2. Combine barley with remaining ingredients except sour cream. Toss lightly to mix. Fold in sour cream. Chill for several hours before serving.

Tuesday, March 2, 2010

The Perfect Chocolate Cake

I’ve really been getting into this Julia/Julie thing. I refuse to cook my way through Mastering the Art of French Cooking or any other cookbook. So, I have been on a mission to decide what I could do. I decided on making the perfect chocolate cake.

You see, most chocolate cakes seem a little dry. So I want to make a perfect chocolate cake. To get started, I picked a recipe entitled “The Perfect Chocolate Cake”. This is a chocolate cake with whipped cream filling and a chocolate frosting. I baked it and it turned out to be ‘perfect’. The cake was moist with a wonderful chocolate flavor. To be sure I was on track; I served it to some friends of mine. To my utter surprise, my friend Roger licked the plate. And I thought I can’t improve on plate licking. As it turns out the recipe was first published by Southern Living magazine in September 1977. It has been more of their more requested cake recipes. I guess that proves that a true classic never goes out of style.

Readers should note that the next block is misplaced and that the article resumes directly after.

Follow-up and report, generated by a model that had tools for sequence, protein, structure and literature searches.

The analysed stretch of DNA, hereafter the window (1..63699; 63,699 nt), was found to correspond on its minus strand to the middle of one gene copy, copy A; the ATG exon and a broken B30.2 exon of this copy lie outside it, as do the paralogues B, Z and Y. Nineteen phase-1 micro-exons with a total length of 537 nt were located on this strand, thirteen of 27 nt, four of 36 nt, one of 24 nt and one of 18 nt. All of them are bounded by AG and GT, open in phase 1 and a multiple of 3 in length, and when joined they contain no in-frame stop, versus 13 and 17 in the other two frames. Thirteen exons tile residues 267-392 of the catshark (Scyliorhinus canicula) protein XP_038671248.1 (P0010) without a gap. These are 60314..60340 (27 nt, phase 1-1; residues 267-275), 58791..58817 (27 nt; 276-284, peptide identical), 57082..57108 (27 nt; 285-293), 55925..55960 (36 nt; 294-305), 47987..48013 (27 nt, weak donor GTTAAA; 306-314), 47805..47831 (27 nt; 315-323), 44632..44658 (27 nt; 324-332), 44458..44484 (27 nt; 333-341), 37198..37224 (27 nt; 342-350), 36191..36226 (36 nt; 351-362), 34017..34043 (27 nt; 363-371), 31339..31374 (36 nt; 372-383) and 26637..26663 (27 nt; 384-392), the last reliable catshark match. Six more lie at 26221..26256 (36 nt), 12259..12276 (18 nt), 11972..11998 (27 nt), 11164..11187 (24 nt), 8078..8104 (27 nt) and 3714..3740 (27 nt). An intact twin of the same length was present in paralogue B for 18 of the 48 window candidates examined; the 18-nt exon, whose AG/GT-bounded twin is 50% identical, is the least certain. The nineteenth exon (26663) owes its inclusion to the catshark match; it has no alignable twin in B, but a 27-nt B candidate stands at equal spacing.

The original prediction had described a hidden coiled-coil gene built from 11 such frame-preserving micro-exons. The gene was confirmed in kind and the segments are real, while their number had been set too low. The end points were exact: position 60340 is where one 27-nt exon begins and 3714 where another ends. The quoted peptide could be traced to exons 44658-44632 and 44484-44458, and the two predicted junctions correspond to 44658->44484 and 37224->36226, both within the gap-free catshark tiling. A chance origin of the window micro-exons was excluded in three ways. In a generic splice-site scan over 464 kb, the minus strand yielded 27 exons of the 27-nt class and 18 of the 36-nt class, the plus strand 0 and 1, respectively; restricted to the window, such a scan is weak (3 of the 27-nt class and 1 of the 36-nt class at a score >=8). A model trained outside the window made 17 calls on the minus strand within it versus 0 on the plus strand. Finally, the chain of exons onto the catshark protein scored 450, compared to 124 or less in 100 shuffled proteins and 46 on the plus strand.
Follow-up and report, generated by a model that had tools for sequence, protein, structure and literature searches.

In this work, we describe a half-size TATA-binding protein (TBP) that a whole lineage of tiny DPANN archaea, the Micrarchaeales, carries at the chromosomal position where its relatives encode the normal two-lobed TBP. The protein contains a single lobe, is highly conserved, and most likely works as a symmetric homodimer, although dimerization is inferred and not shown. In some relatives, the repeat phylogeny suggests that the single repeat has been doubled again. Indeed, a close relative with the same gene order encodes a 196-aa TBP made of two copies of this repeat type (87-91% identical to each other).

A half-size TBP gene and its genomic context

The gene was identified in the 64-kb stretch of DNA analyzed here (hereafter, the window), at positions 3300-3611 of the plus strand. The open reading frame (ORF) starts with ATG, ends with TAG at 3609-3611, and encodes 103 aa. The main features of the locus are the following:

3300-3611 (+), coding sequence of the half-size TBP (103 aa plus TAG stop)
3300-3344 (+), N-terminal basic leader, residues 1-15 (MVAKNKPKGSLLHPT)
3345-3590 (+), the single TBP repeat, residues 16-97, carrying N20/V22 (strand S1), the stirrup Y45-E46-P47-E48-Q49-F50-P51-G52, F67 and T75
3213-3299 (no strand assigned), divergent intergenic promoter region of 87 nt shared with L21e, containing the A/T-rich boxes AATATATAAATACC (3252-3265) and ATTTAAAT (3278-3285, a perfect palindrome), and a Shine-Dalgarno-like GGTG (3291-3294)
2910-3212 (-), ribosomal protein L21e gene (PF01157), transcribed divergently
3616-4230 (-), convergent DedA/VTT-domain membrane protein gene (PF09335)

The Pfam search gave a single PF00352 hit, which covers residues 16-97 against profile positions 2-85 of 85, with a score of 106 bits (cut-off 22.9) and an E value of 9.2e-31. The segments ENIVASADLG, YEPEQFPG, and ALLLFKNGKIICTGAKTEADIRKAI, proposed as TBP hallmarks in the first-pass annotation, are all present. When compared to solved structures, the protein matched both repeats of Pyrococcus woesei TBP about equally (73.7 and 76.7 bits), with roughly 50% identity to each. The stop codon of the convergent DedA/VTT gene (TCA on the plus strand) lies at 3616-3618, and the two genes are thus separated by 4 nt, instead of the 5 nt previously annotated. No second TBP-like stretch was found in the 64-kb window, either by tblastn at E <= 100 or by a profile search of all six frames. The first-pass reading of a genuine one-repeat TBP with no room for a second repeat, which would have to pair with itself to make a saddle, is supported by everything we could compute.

I didn’t manage to get a picture of Roger. But it would have been quite a picture. You will have to be content with a picture of the cake and a recipe. I hope you bake the cake and enjoy it as much as my friends. Who knows, it could become your plate licking cake too.

If you have a ‘perfect’ chocolate cake recipe, please let us know.

Perfect Chocolate Cake


1 cup cocoa
2 cups boiling water
1 cup butter or margarine, softened
2½ cups sugar
4 eggs
2¾ cups all-purpose flour